Potential

I stare at this blank screen and it is full of potential. Potential words and thoughts and dreams and desires. I love potential because it isn’t really real.

Last year I found myself very alone again, but this time by choice. I spent the summer working harder than I ever had before, building up my share of the cleaning business I had started with my best friend when I left my husband in August of 2017. My best friend was away in another state visiting family for the summer, my divorce had been finalized in May. I was between relationships.

At the end of a long work day I would sit alone on the porch of my teeny tiny rented cabin watching the bats and birds flitting around and I made a conscientious choice in that moment to embrace that feeling of alone-ness I found myself repeatedly running from my entire life. I made a choice to stop trying to fill up that emptiness with chatter. I didn’t really have any sort of goal in mind, other than to stop running from the empty void. I realized every time the void started to make me uncomfortable I would fill it to no longer experience the discomfort it always brought with it.

So as I sat there in the dusk, I chose instead to embrace it and see why I was so uncomfortable. What I started to realize was that discomfort was a lesson I was running from. The void is a space full of potential. But it is empty of action. I am an active person. I research, I learn, I take action, I make choices. These are all things of “doing”. Sitting is nothing, and I tend to not be very good at doing nothing. Slowly, as I sat and practiced my alone-ness and became comfortable with it, I became aware of my own self-defeating behaviors, actions that kept me busy, but were also toxic. These were survival tactics I learned from early childhood abuses, and they became so enmeshed into my behavior I thought they were character traits. As I began to see these traits for what they really were, I was able to acknowledge the ways they had helped me survive when they were necessary, and then started to say goodbye to them, because what had helped me survive were all the things that were holding me back as I began to thrive.

One of those things was falling in love with a man’s potential. I would meet a man, and not see him clearly for who and what he was in the moment. I would see him and fall in love with what he was capable of doing, and who he had the potential to be. I would make it my mission, often times to the detriment of my own self, to help him actualize the potential I saw. Sometimes this worked out for the man, but more often than not it was like pouring a bucket of sand into a canyon hoping to eventually fill it up… a hopeless task. All I ended up doing was exhausting myself and the canyon never even got close to being filled in. Eventually I would see how futile my efforts had been all along and decide I’m done dumping buckets of sand into the canyon and walk away from it.

So last year, as I practiced “alone-ness” I saw this behavior clearly for the first time. I realized I was worthy of all that attention and love I had been trying to pour into other people, I deserved it even more than they did, but I never felt worthy of it. I basically changed that behavior almost overnight. At first it felt very selfish and uncomfortable. I decided that it was okay for it to be uncomfortable, as practicing “alone-ness” was also teaching me to practice sitting with discomfort until the source of the discomfort revealed itself to me.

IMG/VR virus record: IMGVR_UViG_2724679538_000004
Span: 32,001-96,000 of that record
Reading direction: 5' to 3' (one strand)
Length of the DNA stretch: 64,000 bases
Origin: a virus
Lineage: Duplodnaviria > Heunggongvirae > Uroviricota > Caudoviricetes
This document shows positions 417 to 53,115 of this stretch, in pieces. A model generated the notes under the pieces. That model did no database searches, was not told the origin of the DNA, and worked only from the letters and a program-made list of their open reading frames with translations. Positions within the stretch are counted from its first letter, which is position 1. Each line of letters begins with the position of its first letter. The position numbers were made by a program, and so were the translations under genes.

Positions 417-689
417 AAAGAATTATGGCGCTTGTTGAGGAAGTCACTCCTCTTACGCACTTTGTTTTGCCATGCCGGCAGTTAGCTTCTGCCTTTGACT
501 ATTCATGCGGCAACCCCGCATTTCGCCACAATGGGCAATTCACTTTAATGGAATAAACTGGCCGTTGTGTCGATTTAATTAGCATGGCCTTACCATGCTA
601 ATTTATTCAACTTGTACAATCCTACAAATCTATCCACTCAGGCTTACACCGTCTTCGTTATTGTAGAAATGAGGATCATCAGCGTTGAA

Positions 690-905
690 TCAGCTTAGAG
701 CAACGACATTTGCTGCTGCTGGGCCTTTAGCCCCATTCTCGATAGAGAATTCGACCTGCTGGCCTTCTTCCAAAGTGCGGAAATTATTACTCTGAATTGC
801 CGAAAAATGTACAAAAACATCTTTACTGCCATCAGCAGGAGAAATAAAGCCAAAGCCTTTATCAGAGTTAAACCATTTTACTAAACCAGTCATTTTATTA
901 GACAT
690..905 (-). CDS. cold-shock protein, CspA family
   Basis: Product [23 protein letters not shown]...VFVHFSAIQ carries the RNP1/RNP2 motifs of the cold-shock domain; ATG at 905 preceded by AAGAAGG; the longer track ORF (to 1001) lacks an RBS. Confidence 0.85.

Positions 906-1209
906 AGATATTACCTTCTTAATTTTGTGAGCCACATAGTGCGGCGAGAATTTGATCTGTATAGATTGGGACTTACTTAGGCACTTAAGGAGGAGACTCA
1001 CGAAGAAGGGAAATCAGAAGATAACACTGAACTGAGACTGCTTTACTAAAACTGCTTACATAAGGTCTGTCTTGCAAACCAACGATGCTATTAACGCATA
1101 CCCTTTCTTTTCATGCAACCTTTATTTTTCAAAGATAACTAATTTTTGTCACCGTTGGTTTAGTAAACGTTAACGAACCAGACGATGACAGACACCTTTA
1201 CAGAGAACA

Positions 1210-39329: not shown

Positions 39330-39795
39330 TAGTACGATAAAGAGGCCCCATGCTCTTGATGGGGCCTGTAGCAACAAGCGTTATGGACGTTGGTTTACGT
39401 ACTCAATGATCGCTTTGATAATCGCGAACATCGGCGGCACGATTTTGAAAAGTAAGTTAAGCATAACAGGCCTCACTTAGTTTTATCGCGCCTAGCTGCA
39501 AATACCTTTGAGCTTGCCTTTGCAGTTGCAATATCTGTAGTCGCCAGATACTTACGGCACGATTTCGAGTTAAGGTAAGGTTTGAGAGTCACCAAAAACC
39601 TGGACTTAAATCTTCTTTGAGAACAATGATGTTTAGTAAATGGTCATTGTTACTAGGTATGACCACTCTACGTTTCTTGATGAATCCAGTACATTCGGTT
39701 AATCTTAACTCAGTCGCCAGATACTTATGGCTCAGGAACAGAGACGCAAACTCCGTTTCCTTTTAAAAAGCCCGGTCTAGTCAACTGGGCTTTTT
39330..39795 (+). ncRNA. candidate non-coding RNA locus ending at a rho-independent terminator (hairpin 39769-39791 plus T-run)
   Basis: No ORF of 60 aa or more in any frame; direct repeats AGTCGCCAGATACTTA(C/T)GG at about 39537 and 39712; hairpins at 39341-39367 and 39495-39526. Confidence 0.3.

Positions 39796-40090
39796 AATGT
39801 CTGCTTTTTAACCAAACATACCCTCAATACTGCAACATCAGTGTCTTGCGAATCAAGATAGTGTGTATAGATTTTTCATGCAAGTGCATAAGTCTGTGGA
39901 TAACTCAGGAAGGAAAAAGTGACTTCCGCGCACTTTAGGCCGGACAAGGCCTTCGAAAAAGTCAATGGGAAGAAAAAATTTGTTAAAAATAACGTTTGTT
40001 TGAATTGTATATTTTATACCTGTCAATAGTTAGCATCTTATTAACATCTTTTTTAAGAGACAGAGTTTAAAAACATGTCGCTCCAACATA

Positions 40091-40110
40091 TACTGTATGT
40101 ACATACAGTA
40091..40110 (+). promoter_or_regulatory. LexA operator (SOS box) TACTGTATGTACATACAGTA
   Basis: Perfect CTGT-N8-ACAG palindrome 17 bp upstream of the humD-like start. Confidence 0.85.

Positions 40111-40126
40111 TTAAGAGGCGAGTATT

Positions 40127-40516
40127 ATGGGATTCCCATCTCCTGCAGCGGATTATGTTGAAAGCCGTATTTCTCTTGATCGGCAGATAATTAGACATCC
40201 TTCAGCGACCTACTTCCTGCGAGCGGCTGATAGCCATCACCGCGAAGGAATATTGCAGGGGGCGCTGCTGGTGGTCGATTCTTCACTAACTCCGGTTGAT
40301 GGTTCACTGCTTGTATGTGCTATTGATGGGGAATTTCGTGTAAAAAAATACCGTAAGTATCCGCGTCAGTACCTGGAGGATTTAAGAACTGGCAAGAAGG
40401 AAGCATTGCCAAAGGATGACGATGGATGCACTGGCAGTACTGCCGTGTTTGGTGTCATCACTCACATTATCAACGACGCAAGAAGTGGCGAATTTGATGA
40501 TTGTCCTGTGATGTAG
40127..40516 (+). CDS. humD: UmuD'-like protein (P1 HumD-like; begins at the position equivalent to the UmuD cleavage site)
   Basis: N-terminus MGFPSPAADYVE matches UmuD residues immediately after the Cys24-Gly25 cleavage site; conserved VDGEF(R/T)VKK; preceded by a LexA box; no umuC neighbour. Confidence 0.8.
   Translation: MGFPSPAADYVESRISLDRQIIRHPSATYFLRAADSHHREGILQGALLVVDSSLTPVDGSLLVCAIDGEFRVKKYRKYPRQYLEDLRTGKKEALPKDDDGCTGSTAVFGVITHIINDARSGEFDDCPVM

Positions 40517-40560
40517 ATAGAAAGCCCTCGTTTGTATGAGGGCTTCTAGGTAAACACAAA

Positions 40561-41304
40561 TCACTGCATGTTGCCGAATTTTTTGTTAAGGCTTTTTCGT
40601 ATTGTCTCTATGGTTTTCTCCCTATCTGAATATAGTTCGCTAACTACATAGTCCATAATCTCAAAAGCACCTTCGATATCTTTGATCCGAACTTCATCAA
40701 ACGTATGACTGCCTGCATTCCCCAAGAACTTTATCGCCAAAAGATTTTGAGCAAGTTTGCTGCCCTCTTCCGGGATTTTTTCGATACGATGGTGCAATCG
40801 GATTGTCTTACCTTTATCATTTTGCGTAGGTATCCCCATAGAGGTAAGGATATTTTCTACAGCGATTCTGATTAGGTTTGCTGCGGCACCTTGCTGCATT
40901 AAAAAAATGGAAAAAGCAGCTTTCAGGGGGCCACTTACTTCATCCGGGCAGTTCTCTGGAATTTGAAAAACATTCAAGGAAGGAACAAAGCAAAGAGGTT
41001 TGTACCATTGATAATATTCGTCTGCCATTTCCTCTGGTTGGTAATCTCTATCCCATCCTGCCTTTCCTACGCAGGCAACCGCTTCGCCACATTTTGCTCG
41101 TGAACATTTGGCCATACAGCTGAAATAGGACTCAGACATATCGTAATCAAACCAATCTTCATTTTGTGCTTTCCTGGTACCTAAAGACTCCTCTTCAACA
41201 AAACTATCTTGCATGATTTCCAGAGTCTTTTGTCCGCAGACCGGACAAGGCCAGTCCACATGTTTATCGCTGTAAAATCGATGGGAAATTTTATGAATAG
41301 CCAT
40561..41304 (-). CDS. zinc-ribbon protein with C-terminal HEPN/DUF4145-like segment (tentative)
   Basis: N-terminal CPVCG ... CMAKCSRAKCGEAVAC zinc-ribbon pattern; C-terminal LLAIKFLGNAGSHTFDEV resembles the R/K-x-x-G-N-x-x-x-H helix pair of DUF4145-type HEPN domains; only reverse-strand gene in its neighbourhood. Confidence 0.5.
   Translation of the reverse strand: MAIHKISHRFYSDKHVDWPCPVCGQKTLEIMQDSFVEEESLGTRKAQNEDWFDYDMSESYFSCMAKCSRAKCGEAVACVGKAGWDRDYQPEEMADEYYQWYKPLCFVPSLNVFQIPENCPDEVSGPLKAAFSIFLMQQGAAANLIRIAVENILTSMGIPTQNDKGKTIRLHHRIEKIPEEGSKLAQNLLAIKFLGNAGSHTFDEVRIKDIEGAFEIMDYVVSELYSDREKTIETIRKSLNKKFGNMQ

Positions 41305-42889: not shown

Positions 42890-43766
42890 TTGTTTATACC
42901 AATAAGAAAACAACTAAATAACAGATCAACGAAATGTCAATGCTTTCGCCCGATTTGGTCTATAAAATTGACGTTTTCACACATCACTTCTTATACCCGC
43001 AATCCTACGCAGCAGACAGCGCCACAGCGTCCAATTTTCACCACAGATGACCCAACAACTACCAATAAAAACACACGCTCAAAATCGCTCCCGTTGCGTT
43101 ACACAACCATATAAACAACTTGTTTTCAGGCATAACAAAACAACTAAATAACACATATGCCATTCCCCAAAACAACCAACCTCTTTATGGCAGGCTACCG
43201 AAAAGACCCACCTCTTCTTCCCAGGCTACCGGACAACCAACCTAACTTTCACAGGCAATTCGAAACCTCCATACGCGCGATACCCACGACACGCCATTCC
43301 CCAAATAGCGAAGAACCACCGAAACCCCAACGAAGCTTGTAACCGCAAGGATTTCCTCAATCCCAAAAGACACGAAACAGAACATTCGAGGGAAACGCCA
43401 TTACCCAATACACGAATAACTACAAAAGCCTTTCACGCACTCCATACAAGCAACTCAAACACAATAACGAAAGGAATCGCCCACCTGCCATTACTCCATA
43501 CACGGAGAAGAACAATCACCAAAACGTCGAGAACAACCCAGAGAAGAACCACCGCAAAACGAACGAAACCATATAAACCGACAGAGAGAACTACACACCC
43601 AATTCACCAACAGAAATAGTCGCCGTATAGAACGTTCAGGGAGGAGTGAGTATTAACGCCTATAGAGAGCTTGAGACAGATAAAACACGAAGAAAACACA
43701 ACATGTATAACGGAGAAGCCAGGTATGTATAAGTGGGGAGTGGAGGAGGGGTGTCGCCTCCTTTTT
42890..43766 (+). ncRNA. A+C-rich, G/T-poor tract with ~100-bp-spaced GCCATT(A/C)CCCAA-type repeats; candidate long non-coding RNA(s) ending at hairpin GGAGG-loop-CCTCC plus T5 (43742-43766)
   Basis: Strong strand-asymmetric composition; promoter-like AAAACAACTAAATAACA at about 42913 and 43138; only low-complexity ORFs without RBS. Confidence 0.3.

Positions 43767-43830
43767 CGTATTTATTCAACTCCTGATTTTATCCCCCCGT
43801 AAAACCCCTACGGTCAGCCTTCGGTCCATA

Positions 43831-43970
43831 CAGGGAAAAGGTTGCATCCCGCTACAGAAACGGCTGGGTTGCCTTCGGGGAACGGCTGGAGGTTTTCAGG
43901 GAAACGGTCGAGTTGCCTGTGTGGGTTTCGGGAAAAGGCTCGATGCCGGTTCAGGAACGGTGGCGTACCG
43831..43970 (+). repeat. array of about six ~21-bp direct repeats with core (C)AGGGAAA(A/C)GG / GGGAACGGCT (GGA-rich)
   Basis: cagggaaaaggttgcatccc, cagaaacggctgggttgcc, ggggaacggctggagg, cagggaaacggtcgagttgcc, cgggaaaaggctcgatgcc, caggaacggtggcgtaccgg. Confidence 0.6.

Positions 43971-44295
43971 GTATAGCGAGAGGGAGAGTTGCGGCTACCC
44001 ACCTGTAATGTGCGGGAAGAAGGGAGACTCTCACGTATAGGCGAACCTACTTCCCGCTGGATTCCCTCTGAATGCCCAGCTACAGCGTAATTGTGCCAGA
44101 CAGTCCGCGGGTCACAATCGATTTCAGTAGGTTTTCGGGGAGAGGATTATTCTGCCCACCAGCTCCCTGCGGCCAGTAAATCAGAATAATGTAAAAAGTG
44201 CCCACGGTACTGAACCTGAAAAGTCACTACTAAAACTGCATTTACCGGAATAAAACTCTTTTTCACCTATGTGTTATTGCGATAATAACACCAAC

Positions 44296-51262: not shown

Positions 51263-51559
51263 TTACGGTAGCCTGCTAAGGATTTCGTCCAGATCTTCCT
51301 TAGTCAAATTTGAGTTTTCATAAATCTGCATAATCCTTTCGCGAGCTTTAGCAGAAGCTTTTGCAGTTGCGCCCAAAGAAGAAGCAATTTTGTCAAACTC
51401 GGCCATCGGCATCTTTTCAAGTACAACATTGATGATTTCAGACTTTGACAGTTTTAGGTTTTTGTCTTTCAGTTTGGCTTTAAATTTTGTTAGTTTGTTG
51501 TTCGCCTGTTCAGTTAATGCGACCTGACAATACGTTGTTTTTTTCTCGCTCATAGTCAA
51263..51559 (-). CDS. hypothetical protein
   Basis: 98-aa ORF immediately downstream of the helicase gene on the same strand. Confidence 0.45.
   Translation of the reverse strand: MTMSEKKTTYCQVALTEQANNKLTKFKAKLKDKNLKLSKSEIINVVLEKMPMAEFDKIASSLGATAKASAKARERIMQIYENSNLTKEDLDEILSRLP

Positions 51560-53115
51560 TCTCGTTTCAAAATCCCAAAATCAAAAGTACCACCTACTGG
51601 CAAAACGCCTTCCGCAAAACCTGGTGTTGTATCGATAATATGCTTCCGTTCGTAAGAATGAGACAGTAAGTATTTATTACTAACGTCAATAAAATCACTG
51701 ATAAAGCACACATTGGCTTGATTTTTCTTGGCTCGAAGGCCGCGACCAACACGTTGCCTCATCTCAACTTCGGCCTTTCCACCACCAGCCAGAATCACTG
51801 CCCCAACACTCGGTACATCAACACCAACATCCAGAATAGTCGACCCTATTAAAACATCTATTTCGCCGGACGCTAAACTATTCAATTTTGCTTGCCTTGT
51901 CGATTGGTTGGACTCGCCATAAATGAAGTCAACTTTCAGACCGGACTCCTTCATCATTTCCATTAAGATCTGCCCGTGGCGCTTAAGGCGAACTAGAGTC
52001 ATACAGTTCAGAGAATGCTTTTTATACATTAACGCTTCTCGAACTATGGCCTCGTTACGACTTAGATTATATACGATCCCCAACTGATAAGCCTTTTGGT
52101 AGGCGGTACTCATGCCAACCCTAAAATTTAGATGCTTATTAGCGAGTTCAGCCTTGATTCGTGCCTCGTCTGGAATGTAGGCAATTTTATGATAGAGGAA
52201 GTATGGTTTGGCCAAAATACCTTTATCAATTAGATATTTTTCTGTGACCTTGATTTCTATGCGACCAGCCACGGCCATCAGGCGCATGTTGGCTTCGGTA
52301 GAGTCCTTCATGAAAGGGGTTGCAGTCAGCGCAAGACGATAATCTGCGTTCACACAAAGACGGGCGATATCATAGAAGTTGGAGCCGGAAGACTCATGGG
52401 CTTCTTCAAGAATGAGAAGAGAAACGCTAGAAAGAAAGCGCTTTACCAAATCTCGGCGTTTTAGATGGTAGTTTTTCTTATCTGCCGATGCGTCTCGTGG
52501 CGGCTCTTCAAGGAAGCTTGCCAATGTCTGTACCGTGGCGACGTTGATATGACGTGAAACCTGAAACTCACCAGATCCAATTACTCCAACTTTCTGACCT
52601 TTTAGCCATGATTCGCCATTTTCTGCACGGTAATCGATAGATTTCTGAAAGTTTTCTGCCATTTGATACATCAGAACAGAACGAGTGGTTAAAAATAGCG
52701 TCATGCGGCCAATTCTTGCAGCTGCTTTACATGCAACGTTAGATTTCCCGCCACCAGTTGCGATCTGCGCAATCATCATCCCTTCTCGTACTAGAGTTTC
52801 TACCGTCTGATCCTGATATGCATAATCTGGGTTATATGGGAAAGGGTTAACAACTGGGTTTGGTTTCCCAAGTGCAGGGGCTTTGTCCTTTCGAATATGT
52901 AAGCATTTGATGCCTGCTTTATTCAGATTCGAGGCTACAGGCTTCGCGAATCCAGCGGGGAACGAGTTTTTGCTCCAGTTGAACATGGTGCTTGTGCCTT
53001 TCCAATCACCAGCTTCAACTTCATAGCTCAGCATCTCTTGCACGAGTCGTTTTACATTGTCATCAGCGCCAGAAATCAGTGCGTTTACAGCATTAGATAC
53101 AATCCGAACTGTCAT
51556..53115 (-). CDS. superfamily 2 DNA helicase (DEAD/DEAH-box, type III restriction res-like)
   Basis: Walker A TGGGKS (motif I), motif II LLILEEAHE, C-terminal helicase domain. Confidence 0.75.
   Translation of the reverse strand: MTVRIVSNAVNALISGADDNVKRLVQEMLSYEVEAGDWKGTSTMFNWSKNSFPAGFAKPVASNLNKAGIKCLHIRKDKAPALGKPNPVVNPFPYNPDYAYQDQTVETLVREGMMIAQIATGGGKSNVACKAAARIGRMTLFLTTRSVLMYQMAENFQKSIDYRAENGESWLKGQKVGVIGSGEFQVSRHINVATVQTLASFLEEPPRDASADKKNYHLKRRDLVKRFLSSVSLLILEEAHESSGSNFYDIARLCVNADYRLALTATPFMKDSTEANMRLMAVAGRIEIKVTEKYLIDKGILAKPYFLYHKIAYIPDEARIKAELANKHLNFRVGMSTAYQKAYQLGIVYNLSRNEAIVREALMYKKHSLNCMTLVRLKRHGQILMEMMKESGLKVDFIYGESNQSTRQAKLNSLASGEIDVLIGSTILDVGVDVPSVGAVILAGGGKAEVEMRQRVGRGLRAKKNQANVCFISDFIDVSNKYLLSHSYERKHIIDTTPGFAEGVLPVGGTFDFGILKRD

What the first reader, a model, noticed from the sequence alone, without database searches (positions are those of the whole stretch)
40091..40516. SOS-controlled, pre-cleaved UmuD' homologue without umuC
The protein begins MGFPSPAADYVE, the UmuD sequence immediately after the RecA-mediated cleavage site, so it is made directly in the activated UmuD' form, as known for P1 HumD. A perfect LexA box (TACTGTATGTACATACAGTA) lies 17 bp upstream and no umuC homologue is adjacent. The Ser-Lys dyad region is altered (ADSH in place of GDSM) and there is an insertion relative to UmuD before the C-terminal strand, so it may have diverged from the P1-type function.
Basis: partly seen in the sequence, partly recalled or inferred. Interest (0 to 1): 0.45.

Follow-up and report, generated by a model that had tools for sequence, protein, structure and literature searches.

Any time we learn a new skill it is hard and awkward and uncomfortable at first, but eventually it becomes less difficult until it feels normal. I made a decision that any future dates I went on, I would be keeping my guard up and not fall in love with “his” potential, but stand back and make sure I am seeing him for who he is and what he is in the moment. It was uncomfortable. I wanted to fall into my old habits, but my old habits meant ignoring toxic behavior both from myself and my potential mates, it meant ignoring red flags and focusing on what could be. So I started seeing a therapist.

In practicing my alone-ness I fell in love with myself for the first time in my life. I loved myself! What a radical idea, right? I loved myself so hard that it no longer felt like an act of selfishness, but the most important thing I had ever done. I became a better mother by loving myself. I had love to share without feeling empty and drained. My anxiety went away almost overnight. I still had to see my therapist because I had anxiety about ending up in a toxic, abusive relationship with a narcissist, and falling back into my negative self-defeating patterns. I dated a couple people at the same time for a while just to spread the anxiety out and not feel like I was putting all my eggs (hope for love) in one basket (person). Eventually three partners became two, and then two became one.

I still pinch myself when I catch my sweetheart looking at me with adoration. How did this happen? It feels like it was by chance, or magic. But I know it never could have happened if I hadn’t decided to choose the discomfort of alone-ness last summer. It couldn’t have happened if I had not chosen to love myself the best and most first. It definitely could not have happened without a whole lot of hard work, and facing uncomfortable truths about myself. It also could not have happened if I kept only seeing potential and ignoring reality.

Sometimes the things that allow us to survive trauma are the very things that keep us from growing and thriving once the trauma is past.

I’m in love now with a wonderful man. We didn’t just get lucky, we both worked hard to end up in the right place at the right time

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